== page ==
SCE1, the SUMO-conjugating enzyme in plants that interacts with NIb, the RNA-dependent RNA polymerase of Turnip mosaic virus is required for viral infection.
Xiong, R. and Wang, A.M. (2013). "SCE1, the SUMO-conjugating enzyme in plants that interacts with NIb, the RNA-dependent RNA polymerase of Turnip mosaic virus is required for viral infection.", Journal of Virology, 87(8), pp. 4704-4715. doi : 10.1128/JVI.02828-12 Access to full text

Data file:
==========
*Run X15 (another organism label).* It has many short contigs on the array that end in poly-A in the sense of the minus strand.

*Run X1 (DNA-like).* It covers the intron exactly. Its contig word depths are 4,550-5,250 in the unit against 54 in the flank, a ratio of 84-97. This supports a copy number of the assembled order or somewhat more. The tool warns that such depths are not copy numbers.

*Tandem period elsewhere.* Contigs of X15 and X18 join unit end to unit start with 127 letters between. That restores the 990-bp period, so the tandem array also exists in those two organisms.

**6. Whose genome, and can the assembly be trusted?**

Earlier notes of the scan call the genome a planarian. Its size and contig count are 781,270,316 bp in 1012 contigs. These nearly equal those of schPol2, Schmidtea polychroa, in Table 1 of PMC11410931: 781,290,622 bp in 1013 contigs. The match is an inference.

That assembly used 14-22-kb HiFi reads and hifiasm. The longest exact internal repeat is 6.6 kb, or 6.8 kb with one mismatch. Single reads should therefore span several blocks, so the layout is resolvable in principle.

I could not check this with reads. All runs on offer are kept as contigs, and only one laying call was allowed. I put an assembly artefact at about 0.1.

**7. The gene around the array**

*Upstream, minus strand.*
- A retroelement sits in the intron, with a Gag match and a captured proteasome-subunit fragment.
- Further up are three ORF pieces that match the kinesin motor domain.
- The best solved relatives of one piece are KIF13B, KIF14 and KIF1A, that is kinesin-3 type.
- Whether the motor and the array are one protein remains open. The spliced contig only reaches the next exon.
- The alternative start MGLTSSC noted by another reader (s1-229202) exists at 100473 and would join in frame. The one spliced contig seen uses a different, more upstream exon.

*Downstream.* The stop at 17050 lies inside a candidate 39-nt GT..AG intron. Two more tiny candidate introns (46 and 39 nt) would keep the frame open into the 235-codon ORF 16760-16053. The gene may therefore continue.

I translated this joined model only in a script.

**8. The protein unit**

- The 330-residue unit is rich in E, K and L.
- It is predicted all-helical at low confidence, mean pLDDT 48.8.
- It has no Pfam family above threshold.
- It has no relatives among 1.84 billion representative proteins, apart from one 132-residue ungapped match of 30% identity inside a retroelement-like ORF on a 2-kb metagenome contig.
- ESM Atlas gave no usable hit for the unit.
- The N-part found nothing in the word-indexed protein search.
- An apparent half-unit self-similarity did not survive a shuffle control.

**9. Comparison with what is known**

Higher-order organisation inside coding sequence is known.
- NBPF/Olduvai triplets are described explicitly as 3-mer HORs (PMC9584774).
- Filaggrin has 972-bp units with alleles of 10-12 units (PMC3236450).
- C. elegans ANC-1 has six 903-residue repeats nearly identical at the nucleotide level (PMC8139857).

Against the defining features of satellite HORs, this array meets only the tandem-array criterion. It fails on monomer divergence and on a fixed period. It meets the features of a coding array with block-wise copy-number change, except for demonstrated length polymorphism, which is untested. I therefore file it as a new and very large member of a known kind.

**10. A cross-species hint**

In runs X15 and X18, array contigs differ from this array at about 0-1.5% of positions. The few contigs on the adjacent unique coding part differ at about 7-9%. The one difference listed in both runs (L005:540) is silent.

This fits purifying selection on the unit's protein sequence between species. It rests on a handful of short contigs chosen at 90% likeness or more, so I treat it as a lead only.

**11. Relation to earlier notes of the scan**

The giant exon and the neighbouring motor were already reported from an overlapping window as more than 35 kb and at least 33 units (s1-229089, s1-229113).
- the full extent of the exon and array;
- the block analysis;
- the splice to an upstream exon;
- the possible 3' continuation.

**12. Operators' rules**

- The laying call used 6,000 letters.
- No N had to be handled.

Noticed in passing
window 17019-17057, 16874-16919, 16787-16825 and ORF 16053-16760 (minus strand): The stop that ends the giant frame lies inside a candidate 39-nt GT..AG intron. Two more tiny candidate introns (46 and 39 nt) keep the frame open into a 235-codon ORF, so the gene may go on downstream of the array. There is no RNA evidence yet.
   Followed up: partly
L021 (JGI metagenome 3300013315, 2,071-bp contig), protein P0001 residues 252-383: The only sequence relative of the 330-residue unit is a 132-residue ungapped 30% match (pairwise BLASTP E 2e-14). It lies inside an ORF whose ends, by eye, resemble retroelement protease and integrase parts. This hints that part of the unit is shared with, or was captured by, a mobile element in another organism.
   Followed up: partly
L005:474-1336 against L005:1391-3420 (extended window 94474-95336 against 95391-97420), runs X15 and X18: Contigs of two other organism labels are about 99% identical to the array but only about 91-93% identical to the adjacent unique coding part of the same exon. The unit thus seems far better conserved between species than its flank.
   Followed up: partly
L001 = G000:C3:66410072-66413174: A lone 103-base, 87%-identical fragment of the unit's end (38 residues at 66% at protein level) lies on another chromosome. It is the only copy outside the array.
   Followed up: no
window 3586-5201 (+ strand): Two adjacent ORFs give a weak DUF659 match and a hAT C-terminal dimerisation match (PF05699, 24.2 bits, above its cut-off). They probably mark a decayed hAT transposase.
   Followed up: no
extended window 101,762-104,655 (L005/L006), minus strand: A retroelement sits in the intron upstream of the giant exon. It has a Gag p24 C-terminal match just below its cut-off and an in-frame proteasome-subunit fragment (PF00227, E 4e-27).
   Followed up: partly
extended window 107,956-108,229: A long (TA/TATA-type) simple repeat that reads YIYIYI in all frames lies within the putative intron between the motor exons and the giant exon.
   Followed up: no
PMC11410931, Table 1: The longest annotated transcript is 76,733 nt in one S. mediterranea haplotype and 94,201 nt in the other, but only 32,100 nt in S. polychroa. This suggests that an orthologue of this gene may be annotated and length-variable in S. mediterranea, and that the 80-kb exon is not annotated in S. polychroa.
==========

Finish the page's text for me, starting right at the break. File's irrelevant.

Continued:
SUMOylation catalyzed by small ubiquitin-like modifier (SUMO) enzymes is a transient, reversible posttranslational protein modification that regulates diverse cellular processes. Potyviruses, the largest group of known plant viruses, comprise many agriculturally important viruses such as Turnip mosaic virus (TuMV). The potyviral genome encodes 11 mature proteins. To investigate if SUMOylation plays a role in potyvirus infection, the yeast two-hybrid screen was performed to examine possible interactions of each of the 11 viral proteins of TuMV with AtSCE1, the only SUMO-conjugating enzyme in Arabidopsis thaliana homologous to the key SUMO-conjugating enzyme E2 mammalian cells or Ubc9 in yeast. Positive reaction was found between AtSCE1 and NIb, the potyviral RNA-dependent RNA polymerase. Further bimolecular fluorescence complementation (BiFC) and fluorescence resonance energy transfer (FRET) assays revealed that the NIb and AtSCE1 interaction occurred in both the cytoplasm and nucleus of the epidermal cells of Nicotiana benthamiana. The interacting motif was mapped to a region encompassing NIb amino acids 171-300 which contains a potential negatively charged amino-acid-dependent SUMOylation motif (NDSM, 171LKAELRPLELVE182). An Escherichia coli SUMOylation assay showed that NIb can be SUMOylated and the lysine residue (K172) is a potent SUMOylation site. TuMV infectious clone with arginine (R) substitution mutation at K712 compromised TuMV infectivity in plants. In comparison with wild type Arabidopsis plants, sce1-knockdown plants exhibited increased resistance to TuMV as well as a nonrelated RNA virus. To our best knowledge, this is the first report showing that the host SUMO modification system plays an essential role in infection by plant RNA viruses.
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